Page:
The best of today's racers are likely to be sponsored by skate brands. The racers flash their logos for the camera, securing a supplemental income that, even with modest prize winnings, hasn't reached the level of liveable wage unless you live in your car, which some racers may as they travel between competitions.
Part of the allure of the sport is that the courses change from year to year, designed to be ever more technically challenging and exciting to watch. Some are longer, such as Finland's, which is an endurance run of 630 meters.
Chris Papillon designs the St. Paul track and explained that he "plays with the land," incorporating the topography of the location and working with the descent from the cathedral.
It takes about a month to build every year, and with a starting gate in front of the massive stained-glass window above the entrance, Crashed Ice St. Paul has one of the more dramatic entrances.
The competition is a single elimination bracket-style, with the two fastest riders going on to the next round. There are few rules, but the main one is that there no "intentional" contact between racers: No pushing or body checks, as hockey players would put it.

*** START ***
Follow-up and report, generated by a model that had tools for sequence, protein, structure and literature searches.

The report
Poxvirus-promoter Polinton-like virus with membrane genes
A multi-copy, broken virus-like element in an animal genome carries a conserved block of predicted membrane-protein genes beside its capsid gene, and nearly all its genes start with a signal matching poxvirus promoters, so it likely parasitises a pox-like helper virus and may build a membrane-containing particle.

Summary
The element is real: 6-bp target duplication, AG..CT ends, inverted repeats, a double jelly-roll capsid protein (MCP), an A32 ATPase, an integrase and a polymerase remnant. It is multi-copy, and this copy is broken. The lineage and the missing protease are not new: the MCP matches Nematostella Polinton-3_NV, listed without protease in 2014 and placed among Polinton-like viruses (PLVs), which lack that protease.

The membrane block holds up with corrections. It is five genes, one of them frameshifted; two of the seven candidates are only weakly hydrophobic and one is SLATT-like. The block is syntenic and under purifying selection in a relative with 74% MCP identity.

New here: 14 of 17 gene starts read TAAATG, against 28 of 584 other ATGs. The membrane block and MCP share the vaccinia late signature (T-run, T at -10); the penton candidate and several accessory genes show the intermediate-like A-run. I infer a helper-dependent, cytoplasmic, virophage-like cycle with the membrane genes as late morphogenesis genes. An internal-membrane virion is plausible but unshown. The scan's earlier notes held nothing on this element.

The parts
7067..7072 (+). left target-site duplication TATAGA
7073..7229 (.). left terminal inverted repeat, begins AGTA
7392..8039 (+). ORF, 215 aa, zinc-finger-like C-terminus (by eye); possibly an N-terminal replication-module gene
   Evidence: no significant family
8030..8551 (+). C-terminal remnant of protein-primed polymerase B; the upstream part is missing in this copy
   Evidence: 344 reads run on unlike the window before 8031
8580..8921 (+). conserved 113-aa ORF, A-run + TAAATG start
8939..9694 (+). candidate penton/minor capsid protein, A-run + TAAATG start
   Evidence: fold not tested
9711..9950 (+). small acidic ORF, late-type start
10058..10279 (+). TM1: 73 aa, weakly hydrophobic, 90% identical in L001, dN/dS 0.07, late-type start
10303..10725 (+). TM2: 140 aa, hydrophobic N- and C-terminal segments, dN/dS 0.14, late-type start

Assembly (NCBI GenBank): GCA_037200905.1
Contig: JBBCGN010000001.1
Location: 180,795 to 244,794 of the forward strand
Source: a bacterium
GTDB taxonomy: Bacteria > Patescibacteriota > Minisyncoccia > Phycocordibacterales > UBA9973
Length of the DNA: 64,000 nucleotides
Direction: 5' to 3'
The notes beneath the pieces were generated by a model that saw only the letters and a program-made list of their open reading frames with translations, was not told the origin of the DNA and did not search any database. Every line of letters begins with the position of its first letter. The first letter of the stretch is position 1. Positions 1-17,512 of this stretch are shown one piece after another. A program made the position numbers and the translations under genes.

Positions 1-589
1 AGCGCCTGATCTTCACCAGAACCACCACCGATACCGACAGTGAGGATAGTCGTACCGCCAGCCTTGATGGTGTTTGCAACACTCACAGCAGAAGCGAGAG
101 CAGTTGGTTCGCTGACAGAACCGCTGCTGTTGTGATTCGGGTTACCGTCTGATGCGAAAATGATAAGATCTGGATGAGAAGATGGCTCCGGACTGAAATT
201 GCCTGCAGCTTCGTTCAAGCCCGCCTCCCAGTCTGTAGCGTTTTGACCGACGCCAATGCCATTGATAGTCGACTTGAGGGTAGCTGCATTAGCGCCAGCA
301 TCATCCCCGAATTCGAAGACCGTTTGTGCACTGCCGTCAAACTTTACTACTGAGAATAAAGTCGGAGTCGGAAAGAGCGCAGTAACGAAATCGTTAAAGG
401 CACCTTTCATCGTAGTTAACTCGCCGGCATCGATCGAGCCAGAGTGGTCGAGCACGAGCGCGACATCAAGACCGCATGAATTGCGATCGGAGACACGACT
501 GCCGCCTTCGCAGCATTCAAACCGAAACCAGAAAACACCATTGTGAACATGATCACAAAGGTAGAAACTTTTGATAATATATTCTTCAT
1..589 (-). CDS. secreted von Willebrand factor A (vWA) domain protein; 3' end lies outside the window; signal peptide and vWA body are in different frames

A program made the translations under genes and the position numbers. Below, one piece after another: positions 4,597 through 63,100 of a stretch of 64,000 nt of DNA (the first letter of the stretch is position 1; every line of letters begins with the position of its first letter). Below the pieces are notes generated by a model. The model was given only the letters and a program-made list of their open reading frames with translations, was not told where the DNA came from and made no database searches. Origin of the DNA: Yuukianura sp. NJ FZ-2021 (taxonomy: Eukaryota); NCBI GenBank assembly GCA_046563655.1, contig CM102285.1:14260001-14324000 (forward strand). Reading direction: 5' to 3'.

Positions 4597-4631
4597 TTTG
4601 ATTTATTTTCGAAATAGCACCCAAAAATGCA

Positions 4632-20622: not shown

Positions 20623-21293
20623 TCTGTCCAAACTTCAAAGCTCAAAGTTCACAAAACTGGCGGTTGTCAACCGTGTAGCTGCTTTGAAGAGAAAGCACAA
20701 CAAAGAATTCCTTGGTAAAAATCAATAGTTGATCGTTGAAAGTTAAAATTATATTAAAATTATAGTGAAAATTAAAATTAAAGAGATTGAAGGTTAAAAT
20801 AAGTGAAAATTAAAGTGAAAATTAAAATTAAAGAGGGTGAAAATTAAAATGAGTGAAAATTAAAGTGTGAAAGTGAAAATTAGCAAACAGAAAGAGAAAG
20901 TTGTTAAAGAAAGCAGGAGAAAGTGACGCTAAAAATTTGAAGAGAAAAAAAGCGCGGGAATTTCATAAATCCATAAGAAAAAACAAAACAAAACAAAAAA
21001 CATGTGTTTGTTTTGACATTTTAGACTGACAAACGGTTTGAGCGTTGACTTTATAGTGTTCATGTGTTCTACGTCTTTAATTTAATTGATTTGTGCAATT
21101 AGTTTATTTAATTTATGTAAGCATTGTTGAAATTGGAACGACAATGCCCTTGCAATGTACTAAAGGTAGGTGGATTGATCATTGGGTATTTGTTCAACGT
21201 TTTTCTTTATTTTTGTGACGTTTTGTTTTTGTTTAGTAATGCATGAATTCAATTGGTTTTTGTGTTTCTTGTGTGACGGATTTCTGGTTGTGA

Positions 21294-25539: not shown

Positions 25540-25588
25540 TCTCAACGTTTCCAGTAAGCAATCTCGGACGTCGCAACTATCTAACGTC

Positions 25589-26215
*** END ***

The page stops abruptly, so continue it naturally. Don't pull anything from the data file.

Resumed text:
Of course, racing contact happens all the time, but if a rider feels like contact crossed a line, they can protest, and judges will review the video.
There are three basic types of skaters: speed, figure and hockey. Ice cross racers are more likely finding their way to this extreme sport from the last of those. Though ice cross is a speed race, it shares more DNA with hockey.
The speed technique of flat ice with long blades is very different from the way you gain speed in hockey and ice cross. Speed skaters reduce the frequency of their steps to glide fast, but hockey players practically run on the ice to build up speed.
Ice cross jumps and turns don't lend themselves to speed skates either, so these racers use hockey skates, which have the added benefit of protecting the Achilles tendon in crashes. Pads, back protection and helmets are increasingly borrowed from other racing sports, especially mountain biking.
But you need more than skating skills to be competitive. Racers need to be fit, strong and stable. And in particular, "what you need to perform well is powerful legs," Papillon explained, for endurance and "explosions" of energy over those jumps, bumps and turns.
What's challenging about training for ice cross is that almost all the race courses are temporary. There are only a handful of public training tracks in Europe and Canada. So in the absence of a frozen hilly street after an ice storm, competitors train on inline skates in skate parks.
They also do strength and CrossFit-type training year-round to build those leg muscles for speed and endurance. There's even something called a skating treadmill, which is like a regular one but as wide as a car. Ice cross skaters also need to work on stability training, such as balancing on a slackline.
Mental focus and agility is key to winning as well. Papillon recommends juggling while walking along a slackline. "You need to get your brain working on something else while balancing," he explained.